Emotional toll of COVID-19 on health workers is vast, varied

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fairly difficult
The researchers call some types of emotional distress experienced by healthcare workers "moral injury."
Two studies today in JAMA Network Open describe the emotional toll of the COVID-19 pandemic on healthcare workers (HCWs), one showing that US HCWs experienced a range of negative emotions as the pandemic progressed, and the other concluding that mental distress eased 14 months into the pandemic in Italian clinicians.

Pandemic 'has shaken my faith in medicine'

In the US study, a team led by Duke University researchers surveyed 1,344 HCWs in 2020 about their emotional state before the availability of COVID-19 vaccines. They recruited HCWs via email and social media from Apr 24 to May 30 (phase 1) and Oct 24 to Nov 30 (phase 2).

In phase 1 involved 335 survey respondents of whom 32.6% were 35 to 44 years old, 86% were women, and 87.8% were White. Phase 2 included 1,009 participants, of whom 38.1% were aged 35 to 44, 90.5% were women, and 93.7% were White. Respondents included nurses, physicians, advanced practice practitioners, and chaplains.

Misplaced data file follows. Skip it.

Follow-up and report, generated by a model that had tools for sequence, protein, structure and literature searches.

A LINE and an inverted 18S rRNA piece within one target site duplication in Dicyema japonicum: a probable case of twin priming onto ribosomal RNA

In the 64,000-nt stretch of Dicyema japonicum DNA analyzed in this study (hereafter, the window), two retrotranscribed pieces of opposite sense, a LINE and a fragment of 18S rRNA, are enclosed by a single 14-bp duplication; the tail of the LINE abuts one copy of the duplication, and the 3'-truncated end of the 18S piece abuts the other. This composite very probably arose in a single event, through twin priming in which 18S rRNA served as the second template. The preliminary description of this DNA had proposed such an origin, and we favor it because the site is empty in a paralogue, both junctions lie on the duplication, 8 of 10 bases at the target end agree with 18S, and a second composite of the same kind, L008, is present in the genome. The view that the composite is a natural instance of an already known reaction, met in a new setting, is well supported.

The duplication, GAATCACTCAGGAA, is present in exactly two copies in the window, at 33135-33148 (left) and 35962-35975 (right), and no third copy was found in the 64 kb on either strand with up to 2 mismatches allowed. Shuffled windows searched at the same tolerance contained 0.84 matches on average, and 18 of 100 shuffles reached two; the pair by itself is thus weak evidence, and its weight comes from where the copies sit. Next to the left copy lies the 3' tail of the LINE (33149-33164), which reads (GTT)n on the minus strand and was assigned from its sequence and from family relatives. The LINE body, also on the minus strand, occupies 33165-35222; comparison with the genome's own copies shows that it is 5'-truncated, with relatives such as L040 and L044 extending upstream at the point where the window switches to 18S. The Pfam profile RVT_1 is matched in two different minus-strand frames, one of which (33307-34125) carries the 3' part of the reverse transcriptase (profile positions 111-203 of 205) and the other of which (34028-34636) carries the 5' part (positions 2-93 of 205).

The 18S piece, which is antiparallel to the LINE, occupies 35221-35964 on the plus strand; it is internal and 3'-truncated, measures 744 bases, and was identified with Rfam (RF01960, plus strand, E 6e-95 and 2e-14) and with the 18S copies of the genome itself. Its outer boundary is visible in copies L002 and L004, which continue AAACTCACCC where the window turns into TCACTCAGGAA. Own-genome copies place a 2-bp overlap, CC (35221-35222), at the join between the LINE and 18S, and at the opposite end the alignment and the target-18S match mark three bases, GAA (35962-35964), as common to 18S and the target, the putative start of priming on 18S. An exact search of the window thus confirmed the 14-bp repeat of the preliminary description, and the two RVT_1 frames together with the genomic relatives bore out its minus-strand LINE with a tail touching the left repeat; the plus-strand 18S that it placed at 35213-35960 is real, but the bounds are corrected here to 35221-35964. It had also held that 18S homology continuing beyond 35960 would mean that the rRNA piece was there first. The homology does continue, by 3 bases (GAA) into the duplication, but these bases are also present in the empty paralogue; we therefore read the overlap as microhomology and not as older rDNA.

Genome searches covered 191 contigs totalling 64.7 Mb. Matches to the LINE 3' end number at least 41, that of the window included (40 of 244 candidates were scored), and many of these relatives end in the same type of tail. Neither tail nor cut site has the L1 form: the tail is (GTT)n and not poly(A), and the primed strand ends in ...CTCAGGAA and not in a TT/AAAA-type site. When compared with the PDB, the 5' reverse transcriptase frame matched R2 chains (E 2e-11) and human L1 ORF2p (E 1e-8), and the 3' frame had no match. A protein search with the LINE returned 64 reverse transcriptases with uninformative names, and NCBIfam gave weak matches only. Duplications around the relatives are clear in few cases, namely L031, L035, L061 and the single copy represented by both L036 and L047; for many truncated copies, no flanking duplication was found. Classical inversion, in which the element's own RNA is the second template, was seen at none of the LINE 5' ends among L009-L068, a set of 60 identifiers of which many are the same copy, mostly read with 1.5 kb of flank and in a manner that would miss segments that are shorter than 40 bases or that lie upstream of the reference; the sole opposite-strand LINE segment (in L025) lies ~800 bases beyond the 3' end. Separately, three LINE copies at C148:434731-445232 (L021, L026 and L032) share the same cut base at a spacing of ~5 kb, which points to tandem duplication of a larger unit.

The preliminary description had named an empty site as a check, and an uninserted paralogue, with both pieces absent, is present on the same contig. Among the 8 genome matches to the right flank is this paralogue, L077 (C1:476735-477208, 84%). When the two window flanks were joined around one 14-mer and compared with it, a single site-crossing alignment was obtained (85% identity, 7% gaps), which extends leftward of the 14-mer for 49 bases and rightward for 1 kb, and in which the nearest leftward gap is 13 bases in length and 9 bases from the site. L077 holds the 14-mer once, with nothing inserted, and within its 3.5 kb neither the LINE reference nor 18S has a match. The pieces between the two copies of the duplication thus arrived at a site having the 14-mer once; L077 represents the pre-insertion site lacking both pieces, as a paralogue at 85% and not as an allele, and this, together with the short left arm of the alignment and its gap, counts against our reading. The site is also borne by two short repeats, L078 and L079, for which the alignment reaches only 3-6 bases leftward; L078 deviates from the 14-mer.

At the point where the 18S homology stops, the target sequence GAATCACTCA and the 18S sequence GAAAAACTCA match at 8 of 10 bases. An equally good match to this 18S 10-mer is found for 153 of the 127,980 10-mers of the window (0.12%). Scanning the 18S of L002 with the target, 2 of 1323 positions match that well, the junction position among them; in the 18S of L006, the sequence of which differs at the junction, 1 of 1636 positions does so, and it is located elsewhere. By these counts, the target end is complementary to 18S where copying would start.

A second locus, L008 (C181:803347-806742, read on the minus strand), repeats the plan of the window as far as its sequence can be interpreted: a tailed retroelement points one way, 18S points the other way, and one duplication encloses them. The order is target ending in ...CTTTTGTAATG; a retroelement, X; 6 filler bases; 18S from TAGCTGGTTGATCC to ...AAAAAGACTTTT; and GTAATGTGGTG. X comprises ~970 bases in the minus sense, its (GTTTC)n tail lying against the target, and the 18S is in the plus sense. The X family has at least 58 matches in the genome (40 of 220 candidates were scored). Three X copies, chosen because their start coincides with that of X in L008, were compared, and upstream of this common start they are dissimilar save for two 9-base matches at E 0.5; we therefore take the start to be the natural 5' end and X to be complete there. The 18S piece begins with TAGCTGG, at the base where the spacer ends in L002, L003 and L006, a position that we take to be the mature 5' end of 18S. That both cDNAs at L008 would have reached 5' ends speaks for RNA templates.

The HCWs reported emotions related to changes in family, social life, and occupational function. They expressed fear of contracting COVID-19 and spreading the infection to family and friends, stigmatization, short-staffing, and inadequate personal protective equipment (PPE).

HCWs also said they experienced fear in phase 1, progressing to fatigue in phase 2, as well as isolation, alienation, and betrayal by coworkers, management, the healthcare system, and the community. Said one respondent, "My levels of fear have decreased, just because they weren't sustainable."

In open-ended responses, participants said that witnessing patients die alone owing to isolation measures was "heartbreaking" and also "has also shaken my faith in medicine, it makes me feel vulnerable and scared … there isn't much modern medicine can do to help."

HCWs also indicating a growing distrust and fear of…
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